I have been having trouble articulating my very complicated feelings regarding the recent brouhaha over reactions to Andrew Smith's interview. Many people I love and respect see this whole thing as an author getting picked on on social media for one comment in an interview; I see it differently and the exhortation to keep YA "kind" has been bothering me a good deal. For many women kidslit writers, including me, it's been a grueling, very painful week, and it's felt very unsafe to speak up. Prominent authors and industry people and teachers and librarians are rallying around Smith, and have framed this issue as solely about kindness, a nice man getting bullied, one of those "Twitter pile-ons." But the ensuing conversation has felt extremely, dangerously, traumatically unkind.
To me, none of this was ever about a person, but about some words and what they exemplified, and about anger bubbling over because of a long history of sexism in the YA world, including in the books that get lauded, and who the authors of those books are. As an observer in YA, I see that white male authors get a lot of privilege that others do not get in terms of publicity and latitude and critical praise, and when someone points out the sexism/racism in one of these highly-praised books, it's brushed off as either not there or immaterial. Problematic books by male authors rack up acclaim while female authors get scrutinized for the behavior and likability of their characters, overtly feminist books are criticized for their lack of subtlety, and books by women of color are treated as if they are only the sum of the "problems" the white gaze attributes to the characters. And this is when they're reviewed at all. Of course, people are angry.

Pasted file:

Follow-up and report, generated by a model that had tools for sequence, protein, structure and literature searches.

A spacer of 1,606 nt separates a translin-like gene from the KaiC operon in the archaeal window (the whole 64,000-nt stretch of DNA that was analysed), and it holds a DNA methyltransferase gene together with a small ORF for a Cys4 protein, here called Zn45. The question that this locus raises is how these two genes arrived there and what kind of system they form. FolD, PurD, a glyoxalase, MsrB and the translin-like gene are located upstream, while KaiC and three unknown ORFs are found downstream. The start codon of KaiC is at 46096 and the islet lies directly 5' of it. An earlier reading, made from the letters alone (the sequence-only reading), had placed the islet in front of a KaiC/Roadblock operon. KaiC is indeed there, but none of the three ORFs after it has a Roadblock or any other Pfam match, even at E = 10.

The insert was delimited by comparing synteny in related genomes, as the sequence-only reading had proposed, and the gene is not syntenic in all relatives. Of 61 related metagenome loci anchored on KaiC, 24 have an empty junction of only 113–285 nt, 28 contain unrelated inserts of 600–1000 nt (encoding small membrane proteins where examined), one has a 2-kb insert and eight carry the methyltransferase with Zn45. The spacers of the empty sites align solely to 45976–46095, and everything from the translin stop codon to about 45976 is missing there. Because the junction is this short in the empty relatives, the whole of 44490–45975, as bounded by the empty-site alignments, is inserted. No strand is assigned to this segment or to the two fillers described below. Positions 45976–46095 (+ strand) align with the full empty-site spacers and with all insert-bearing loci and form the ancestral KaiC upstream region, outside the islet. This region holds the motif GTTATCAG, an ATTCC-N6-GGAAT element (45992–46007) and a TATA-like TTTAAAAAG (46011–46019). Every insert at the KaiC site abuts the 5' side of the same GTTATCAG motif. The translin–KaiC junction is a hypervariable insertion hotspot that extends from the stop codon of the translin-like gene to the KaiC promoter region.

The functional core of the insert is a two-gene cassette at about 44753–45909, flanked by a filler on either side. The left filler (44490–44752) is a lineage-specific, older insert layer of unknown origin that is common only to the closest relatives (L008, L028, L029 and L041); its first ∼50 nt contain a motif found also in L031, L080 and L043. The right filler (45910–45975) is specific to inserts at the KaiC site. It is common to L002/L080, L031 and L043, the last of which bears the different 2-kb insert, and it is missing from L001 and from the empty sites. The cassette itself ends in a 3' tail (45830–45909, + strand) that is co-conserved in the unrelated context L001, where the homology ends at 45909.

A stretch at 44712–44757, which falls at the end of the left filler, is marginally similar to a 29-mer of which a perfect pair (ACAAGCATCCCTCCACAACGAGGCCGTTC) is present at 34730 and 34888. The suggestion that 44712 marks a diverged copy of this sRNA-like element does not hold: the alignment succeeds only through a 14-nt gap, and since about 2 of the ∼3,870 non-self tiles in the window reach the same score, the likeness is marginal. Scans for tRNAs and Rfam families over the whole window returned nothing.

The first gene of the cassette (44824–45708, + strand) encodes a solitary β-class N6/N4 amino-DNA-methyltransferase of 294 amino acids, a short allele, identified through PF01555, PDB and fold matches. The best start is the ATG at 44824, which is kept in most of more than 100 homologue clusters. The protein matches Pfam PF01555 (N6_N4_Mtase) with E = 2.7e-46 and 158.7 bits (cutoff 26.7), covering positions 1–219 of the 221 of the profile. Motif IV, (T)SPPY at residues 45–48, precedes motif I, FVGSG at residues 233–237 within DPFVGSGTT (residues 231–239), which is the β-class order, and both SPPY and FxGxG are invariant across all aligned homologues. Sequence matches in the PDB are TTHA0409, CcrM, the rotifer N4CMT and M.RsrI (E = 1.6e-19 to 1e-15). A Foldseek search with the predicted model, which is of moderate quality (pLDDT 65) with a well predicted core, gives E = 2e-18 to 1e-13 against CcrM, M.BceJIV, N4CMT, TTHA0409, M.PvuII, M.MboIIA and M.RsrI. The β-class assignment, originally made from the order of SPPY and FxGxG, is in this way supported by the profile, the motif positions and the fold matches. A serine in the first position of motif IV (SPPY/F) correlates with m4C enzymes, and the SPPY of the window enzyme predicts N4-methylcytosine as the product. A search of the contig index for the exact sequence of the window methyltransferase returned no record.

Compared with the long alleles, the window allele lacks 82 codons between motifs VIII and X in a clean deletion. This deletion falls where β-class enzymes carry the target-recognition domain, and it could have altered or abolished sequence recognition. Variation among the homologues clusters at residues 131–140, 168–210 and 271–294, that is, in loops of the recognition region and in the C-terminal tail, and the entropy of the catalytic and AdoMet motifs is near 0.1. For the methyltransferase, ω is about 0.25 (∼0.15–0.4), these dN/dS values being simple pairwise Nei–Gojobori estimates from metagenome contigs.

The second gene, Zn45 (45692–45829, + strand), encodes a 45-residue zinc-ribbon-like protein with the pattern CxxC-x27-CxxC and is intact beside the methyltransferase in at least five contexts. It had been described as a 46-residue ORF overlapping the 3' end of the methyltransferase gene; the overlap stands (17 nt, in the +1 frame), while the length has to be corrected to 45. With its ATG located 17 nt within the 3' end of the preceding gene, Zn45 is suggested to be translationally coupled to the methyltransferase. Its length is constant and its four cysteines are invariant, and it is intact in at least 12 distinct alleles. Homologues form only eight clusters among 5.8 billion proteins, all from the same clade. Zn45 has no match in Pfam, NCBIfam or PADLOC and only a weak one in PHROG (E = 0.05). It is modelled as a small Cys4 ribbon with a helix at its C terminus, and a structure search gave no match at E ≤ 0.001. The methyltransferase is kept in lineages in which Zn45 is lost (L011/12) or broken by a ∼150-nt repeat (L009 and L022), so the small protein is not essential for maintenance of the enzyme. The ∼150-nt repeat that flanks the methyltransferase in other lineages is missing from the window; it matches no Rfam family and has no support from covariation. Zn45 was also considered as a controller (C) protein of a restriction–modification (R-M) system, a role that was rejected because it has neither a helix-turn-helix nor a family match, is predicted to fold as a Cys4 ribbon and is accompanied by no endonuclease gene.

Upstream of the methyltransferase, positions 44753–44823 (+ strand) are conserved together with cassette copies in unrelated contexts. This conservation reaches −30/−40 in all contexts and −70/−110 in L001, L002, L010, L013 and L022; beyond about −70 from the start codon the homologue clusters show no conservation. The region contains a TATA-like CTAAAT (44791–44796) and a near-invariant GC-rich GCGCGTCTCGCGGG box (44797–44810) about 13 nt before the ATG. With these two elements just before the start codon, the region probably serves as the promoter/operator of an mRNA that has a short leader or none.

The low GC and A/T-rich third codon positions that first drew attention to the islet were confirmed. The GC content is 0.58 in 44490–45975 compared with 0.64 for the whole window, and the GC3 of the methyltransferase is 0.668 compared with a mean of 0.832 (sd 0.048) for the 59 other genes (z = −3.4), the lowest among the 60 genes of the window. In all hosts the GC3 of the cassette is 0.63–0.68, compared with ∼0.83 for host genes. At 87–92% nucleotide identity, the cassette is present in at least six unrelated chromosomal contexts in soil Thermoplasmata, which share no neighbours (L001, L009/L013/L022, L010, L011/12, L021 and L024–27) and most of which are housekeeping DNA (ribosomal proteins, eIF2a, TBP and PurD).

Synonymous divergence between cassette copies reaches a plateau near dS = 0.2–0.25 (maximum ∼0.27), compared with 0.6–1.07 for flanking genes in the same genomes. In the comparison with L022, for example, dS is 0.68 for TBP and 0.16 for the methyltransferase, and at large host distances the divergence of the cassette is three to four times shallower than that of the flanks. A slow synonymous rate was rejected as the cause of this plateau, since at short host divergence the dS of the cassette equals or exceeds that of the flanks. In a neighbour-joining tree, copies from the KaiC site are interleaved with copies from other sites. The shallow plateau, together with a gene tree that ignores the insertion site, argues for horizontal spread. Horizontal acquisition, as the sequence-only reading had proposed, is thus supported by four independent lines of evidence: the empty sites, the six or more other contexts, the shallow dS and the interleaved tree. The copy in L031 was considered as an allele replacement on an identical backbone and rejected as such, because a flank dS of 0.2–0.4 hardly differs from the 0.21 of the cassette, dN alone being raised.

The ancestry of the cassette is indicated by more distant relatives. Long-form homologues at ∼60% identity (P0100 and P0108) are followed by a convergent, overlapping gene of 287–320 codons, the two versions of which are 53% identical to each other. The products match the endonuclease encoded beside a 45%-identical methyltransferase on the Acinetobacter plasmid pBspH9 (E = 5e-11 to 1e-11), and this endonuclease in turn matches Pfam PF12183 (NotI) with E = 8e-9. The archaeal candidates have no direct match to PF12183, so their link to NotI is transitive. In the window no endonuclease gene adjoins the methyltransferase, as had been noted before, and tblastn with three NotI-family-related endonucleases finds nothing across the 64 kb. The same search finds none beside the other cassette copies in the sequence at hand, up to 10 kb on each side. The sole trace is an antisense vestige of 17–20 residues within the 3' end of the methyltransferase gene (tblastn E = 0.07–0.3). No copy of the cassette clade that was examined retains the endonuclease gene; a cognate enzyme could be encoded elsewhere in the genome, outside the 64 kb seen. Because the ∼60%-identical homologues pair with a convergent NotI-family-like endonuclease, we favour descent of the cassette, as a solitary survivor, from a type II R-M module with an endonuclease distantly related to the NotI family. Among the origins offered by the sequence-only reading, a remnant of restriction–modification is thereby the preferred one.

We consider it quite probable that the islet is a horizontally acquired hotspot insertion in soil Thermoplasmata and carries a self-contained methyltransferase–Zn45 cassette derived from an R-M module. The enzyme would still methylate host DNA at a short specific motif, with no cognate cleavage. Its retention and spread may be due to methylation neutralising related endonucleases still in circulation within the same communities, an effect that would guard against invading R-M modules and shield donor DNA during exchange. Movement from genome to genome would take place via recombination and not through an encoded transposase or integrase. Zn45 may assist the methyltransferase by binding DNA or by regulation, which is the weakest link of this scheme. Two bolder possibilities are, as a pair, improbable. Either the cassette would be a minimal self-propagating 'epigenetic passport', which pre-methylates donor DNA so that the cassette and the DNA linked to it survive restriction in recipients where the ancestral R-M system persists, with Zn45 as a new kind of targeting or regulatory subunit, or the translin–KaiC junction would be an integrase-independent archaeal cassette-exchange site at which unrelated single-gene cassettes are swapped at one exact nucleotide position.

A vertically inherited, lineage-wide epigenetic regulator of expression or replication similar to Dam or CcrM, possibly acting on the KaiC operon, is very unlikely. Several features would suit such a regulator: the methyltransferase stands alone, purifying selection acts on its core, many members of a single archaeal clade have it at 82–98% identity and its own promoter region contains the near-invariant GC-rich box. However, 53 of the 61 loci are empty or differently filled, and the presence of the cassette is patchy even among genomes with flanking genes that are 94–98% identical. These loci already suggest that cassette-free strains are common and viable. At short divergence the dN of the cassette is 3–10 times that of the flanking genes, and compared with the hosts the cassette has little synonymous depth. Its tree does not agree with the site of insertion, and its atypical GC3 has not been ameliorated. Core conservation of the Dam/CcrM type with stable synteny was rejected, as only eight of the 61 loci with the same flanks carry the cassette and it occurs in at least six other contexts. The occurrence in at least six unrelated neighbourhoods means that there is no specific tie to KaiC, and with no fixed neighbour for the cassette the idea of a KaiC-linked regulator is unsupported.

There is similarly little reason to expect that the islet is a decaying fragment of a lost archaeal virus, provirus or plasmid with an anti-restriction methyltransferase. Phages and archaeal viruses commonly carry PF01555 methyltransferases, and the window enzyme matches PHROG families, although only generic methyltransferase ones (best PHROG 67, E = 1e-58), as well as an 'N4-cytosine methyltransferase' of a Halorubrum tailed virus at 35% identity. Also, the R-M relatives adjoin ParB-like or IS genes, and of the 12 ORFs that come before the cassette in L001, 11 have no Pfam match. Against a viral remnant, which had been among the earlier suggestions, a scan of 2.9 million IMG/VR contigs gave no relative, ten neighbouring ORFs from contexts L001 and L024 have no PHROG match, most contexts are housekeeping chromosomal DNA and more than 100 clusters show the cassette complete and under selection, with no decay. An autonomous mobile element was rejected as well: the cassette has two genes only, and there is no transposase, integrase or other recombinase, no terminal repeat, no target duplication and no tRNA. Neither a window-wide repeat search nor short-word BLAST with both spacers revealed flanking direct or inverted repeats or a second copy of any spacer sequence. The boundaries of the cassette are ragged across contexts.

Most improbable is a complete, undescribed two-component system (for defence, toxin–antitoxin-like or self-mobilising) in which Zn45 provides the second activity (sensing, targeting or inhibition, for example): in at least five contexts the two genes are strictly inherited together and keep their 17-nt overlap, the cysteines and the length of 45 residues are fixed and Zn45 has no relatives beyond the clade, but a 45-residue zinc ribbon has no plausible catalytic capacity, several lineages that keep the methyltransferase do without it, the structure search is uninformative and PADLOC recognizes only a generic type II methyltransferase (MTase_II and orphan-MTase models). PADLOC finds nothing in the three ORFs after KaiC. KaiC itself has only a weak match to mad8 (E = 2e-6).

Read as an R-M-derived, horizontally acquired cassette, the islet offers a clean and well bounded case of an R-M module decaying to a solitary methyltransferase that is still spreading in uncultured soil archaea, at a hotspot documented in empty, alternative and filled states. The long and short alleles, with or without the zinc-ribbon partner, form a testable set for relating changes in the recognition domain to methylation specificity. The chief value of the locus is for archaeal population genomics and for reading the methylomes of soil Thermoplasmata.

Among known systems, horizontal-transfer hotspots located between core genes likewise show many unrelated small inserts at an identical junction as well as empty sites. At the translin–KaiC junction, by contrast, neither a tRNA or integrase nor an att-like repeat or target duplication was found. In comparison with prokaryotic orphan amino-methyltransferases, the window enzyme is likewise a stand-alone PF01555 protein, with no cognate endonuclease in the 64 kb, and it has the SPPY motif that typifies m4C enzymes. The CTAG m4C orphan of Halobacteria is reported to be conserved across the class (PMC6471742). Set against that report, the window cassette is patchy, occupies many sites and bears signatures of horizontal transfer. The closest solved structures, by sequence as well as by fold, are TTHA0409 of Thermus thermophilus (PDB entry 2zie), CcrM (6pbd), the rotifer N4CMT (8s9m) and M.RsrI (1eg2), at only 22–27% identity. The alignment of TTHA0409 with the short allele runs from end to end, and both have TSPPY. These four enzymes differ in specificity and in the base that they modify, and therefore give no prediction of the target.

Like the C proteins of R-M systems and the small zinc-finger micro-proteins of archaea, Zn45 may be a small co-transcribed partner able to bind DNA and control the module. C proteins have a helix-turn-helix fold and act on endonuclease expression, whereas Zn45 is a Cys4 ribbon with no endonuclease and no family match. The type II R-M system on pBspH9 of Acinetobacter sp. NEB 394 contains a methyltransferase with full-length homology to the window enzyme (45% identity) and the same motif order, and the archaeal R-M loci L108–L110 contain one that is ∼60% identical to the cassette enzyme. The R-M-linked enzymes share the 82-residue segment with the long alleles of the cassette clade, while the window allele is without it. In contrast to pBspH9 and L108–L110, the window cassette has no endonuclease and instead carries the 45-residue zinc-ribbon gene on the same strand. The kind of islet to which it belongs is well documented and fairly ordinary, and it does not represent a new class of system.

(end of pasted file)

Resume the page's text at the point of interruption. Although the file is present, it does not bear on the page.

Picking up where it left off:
I believe in kindness, with every bit of my being. And I never want someone's feelings to be hurt. But true kindness comes through hard hard work, and close examination of ourselves and our communities. It involves listening to people when they're angry, and giving everyone--not just the very nice, very well-intentioned man who said some words in an interview--the benefit of the doubt. It involves understanding that if people responded with anger, if people used humor and satire to blow off steam and express themselves, if people hashed this anger out publicly, it's not because these people are mean, but because something boiled over. We will be a kinder community if we can pay attention and figure out what it was and how to fix it.
I RT'ed Lindsay's Smith's excellent words, and that led to the following conversation.